Keynote Remarks at LGBTI Pacific Youth Forum Dinner
Special Envoy for the Human Rights of LGBTI Persons
We recognize the traditional owners of this land. We pay our respects to elders past and present. To echo Geena, you are a good looking crowd this evening! And thank you Geena for that warm introduction. Geena, you are a true and remarkable leader in advancing the human rights of LGBTI persons, and of course transgender individuals in particular. Your public and visible leadership is an inspiration to all of us. Your experience demonstrates the power of personal strength, and the power of community as well.
What I’d like to do is outline the foundation of the U.S. government’s policy on global LGBTI rights issues, highlight a few pressing human rights concerns and offer suggestions about how we – governments and civil society – can move forward together.
For the United States, advancing an inclusive foreign policy that empowers and protects all people is fundamental to who we are as a nation. The United States was founded on fundamental principles of equality and freedom for all. These principles are aspirational, and of course we still have not achieved fully this promise of equality – but the founding principles have served as important guides as the United States defines itself and continues to define itself. At the dedication of the National Museum of African American History and Culture in Washington last month, President Obama reminded us: “The very fact of this day does not prove that America is perfect, but it does validate the ideas of our founding, that this country born of change…can get better,” and he encouraged us to “draw strength from the changes that have taken place.” Collectively we have sought to build a stronger and more inclusive democracy, a process that has come with great struggle. Countless people have lost their lives and endured much hardship because of official barriers put in their way. We are inspired by those who have fought and are still fighting to remove these barriers.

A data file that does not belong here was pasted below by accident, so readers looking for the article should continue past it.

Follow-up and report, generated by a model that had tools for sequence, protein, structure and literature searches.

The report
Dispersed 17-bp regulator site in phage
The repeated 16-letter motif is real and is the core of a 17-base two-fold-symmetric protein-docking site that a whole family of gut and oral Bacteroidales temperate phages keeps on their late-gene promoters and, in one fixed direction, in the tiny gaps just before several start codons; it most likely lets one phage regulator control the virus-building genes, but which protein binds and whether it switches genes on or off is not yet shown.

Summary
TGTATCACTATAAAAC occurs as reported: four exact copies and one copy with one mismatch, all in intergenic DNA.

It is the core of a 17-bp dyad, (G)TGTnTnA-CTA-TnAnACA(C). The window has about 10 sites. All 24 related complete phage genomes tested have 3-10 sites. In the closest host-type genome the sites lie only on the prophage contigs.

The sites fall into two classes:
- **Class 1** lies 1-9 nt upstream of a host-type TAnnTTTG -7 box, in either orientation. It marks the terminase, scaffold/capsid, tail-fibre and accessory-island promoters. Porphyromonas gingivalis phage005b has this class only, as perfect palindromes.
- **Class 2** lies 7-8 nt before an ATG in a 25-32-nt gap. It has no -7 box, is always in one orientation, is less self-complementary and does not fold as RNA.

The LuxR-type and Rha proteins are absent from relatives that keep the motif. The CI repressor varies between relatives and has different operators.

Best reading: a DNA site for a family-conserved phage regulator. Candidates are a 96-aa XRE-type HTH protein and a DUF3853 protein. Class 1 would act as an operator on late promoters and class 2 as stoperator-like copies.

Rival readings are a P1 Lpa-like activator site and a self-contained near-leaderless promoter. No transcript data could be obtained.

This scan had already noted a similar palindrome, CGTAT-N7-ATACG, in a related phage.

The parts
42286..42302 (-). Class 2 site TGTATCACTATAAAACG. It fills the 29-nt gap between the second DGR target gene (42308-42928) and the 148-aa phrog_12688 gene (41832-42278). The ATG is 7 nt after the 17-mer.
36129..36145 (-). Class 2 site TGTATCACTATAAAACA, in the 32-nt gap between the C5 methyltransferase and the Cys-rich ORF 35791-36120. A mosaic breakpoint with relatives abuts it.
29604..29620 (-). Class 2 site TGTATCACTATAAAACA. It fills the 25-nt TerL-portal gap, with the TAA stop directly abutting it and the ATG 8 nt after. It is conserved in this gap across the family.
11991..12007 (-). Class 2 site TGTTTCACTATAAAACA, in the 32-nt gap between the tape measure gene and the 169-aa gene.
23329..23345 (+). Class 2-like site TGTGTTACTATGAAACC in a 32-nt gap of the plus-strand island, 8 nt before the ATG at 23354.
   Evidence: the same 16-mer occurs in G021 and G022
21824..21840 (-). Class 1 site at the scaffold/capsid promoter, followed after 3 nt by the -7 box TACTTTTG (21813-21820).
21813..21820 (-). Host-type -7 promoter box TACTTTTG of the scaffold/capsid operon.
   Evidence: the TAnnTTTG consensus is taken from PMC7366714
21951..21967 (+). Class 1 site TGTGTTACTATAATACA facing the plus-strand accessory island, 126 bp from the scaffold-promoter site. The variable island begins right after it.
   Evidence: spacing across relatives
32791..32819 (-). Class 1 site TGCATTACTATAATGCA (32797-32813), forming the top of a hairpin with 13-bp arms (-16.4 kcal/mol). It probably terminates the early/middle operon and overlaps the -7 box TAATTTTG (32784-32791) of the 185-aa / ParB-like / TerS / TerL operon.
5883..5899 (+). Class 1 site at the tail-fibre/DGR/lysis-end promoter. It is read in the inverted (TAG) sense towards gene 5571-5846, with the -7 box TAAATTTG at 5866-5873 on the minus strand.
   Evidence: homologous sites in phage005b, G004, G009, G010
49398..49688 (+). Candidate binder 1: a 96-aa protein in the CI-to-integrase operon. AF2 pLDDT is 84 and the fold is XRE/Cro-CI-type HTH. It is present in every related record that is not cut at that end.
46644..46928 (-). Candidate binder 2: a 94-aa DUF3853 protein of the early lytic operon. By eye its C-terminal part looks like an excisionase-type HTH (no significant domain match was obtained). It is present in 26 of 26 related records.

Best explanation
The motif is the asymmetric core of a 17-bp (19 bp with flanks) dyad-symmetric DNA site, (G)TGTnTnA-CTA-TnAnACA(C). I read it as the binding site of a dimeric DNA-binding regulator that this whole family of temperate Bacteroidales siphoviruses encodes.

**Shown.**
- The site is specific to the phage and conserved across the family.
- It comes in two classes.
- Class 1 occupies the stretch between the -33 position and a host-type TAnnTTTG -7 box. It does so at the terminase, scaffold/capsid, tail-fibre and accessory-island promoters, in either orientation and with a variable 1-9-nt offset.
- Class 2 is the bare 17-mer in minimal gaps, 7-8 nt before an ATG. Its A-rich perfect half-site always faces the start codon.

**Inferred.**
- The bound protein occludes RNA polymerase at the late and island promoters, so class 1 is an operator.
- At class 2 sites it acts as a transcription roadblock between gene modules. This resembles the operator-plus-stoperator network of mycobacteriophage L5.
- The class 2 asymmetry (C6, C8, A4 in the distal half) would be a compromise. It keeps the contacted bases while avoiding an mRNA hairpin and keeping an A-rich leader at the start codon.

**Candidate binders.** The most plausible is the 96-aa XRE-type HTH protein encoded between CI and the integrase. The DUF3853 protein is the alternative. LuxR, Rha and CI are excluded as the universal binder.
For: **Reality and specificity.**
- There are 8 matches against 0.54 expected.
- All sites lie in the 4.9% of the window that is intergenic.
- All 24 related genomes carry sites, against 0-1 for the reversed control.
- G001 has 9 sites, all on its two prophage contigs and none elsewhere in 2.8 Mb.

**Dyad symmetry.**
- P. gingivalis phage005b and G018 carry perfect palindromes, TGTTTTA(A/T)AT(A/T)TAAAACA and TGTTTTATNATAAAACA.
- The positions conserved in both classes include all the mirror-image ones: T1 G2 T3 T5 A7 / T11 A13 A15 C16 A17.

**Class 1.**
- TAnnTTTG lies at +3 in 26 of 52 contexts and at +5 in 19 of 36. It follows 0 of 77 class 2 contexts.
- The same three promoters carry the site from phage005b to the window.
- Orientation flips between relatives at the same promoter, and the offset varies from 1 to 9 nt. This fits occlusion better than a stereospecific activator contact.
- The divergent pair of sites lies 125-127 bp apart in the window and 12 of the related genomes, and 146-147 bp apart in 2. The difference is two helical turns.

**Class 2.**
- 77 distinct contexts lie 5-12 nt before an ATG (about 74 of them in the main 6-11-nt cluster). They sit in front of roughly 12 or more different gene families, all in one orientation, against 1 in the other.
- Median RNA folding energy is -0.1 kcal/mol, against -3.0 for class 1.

We have learned that political and social change requires leadership. Susan B. Anthony, one of the many civil rights pioneers who led the women’s suffrage movement in the United States in the late 19th Century famously said: “There never will be complete equality until women themselves help to make laws and elect lawmakers.” While LGBTI persons are involved in the lawmaking process here in Australia, and in the United States, we know the situation is far different in many parts of the world. We need to do more to promote leadership of LGBTI persons while recognizing that this takes time. Anthony’s journey certainly wasn’t quick. She was arrested for voting in 1872. It wasn’t until 1920 that the U.S. Congress passed an amendment that enabled women to vote, fourteen years after Anthony’s death.
From the movement to advance equality for women, to abolishing slavery, to civil rights for African-Americans and others, we have learned painfully that social change is a long-term and evolving process that continues to this day. We all wish the movement for full equality would move faster – that change would happen more quickly, but in reality we know that true and lasting social change comes from within and must be nurtured through dialogue and debate with the goal of reaching eventual consensus.
This experience defines the foreign policy of the United States. We believe and know that when governments identify those at the margins of society and actually support their inclusion, they become stronger, more representative, more viable and more secure. Secretary Kerry affirmed this idea when he said: “We have a moral obligation to speak out against the persecution and the marginalization of LGBT persons. And we have a moral obligation to promote societies that are more just, fair, and tolerant. It is the right thing to do. But make no mistake: It’s also a strategic necessity. Greater protection of human rights leads to greater stability, prosperity, tolerance and inclusivity.”